Pubdate: Mon, 10 Feb 2003
Source: Associated Press (Wire)
Copyright: 2003 Associated Press
Bookmark: (Ecstasy)


NEW YORK -(AP)- Although teen use of Ecstasy has leveled off, many American
adolescents see no great risk in experimenting with the drug, according to a
study by the Partnership for a Drug-Free America.

The partnership's annual study of drug use found that 45% of youths ages 12
to 18 saw a great risk in trying Ecstasy once or twice -- more than the 42%
who felt that way in last year's survey. The attitude belies the statistics.
In 2001, there were 5,542 emergency-room visits related to Ecstasy use, up
from 253 in 1994.

The number of youths using the drug remained stable: 9% in this survey,
compared with 10% a year earlier. A partnership survey released five months
ago found that only 1% of American parents believed their child had tried

"Our latest reading of the Ecstasy market offers a more encouraging picture,
but does not -- and should not -- suggest that we have turned the corner on
this drug," said Steve Pasierb, president and chief executive of the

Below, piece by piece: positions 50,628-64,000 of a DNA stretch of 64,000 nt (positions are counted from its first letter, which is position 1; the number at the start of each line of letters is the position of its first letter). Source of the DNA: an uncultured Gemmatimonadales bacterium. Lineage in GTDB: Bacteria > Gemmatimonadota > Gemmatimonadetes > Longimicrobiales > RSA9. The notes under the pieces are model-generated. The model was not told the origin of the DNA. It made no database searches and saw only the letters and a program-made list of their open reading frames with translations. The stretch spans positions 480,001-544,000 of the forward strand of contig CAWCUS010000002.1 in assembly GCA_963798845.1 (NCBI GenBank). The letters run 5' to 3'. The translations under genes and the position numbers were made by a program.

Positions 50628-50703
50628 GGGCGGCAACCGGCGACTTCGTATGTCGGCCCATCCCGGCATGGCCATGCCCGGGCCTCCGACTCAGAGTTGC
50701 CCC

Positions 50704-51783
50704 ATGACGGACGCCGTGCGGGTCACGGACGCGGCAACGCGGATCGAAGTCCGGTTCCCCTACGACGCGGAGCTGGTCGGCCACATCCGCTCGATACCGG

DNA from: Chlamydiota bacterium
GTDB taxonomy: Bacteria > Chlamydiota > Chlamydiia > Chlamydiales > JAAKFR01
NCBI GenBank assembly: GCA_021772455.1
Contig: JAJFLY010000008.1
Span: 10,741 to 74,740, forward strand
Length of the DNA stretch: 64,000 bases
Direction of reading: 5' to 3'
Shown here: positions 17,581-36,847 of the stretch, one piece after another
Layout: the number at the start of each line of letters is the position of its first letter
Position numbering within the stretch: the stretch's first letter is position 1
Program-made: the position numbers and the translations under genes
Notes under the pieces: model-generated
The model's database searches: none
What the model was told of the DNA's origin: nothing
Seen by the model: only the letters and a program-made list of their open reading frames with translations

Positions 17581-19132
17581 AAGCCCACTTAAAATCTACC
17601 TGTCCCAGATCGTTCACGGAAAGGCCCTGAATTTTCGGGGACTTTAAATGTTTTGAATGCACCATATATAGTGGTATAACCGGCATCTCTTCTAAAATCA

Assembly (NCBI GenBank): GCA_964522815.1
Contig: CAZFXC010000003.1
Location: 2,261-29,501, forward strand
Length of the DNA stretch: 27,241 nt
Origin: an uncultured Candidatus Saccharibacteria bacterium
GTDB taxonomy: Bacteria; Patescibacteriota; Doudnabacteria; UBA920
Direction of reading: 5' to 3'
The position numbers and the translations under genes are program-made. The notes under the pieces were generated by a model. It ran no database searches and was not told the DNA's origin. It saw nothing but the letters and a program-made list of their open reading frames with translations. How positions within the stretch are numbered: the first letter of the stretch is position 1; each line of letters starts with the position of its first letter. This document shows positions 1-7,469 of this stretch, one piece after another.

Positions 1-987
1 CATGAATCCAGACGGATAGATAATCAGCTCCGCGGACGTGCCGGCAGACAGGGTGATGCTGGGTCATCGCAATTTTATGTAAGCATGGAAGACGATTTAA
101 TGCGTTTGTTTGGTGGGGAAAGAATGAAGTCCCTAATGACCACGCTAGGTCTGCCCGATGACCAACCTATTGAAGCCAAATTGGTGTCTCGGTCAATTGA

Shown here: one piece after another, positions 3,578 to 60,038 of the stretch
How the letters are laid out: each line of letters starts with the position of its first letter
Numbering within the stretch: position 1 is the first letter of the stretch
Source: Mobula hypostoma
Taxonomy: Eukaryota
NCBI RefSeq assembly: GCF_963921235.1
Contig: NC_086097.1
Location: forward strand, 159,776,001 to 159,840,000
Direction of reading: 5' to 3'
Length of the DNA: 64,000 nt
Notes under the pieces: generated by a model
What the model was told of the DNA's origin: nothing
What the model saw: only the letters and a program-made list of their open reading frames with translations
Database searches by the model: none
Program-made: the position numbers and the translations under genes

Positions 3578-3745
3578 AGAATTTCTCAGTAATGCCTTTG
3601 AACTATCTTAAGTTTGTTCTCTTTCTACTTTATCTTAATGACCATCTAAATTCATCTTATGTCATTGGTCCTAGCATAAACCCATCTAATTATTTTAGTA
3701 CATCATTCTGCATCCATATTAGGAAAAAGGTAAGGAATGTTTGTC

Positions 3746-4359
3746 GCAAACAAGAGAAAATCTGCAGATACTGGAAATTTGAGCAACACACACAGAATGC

The survey also found that marijuana remained the most widely used illegal
drug among teenagers, with 40% of youths saying they had tried it at some

The study was conducted among 7,084 youths nationwide, with a margin of
error of plus or minus 1.5 percentage point. Data were collected from April
through June of 2002 from questionnaires that students filled out

As for legal drugs, alcohol and cigarette use wasn't as prevalent as it once
was. According to the survey, 53% reported alcohol use in the last year,
down from a high of 63% in 1997. The percentage of those reporting smoking a
cigarette in the past month, fell to 28% from a high of 42% in 1998.

The Partnership for a Drug-Free America, launched in 1987, is a coalition of
communications professionals aimed at reducing the demand for illegal drugs.